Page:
|ITEM||Cingulum militare appliques|
|PERIOD||1st Century A.D|
|DIMENSIONS||Belt, 30 mm x 95 mm; Appliques, 32 mm to 45 mm (height) and 16 mm to 37 mm (width)|
|PROVENANCE||Ex English gallery, London, formerly in a 1980s collection|
The cingulum militare was the belt used by the soldiers of the Roman army to gird their tunic and hang their weapons of the blade, such as the gladius or the pugio.
It was made of leather and decorated with pteryges or groin protectors, and it was decorated with different types of buckles, metal plates and studs, normally made of bronze or iron, sometimes gilded, the combination of which varied over time from the 3rd century BC until the reforms of the Roman army in the time of Heraclius in the 7th century.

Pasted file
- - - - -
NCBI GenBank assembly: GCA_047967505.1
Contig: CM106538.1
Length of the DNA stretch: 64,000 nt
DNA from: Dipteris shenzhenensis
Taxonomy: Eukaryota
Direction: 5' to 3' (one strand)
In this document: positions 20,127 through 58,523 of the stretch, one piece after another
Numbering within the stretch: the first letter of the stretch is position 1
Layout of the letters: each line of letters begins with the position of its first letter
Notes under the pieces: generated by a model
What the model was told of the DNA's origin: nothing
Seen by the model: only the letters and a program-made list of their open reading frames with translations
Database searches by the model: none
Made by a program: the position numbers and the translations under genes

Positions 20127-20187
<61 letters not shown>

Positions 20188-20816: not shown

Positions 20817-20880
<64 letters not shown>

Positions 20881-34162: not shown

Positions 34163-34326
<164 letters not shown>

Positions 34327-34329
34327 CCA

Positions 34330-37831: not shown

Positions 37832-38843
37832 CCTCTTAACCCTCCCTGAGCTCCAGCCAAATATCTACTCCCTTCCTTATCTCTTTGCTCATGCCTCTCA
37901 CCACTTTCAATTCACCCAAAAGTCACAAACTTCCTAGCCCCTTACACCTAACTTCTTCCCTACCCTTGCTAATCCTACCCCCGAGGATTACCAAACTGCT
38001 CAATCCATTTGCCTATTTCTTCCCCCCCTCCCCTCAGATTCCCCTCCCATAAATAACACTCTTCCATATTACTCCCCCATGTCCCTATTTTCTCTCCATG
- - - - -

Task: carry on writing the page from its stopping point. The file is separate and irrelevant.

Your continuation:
Its importance reached such a degree that it became the distinctive sign of Roman soldiers, who carried it with pride and as an indication of their condition, carried weapons. They often appear on the funeral monuments of Roman soldiers, visually indicating their military status.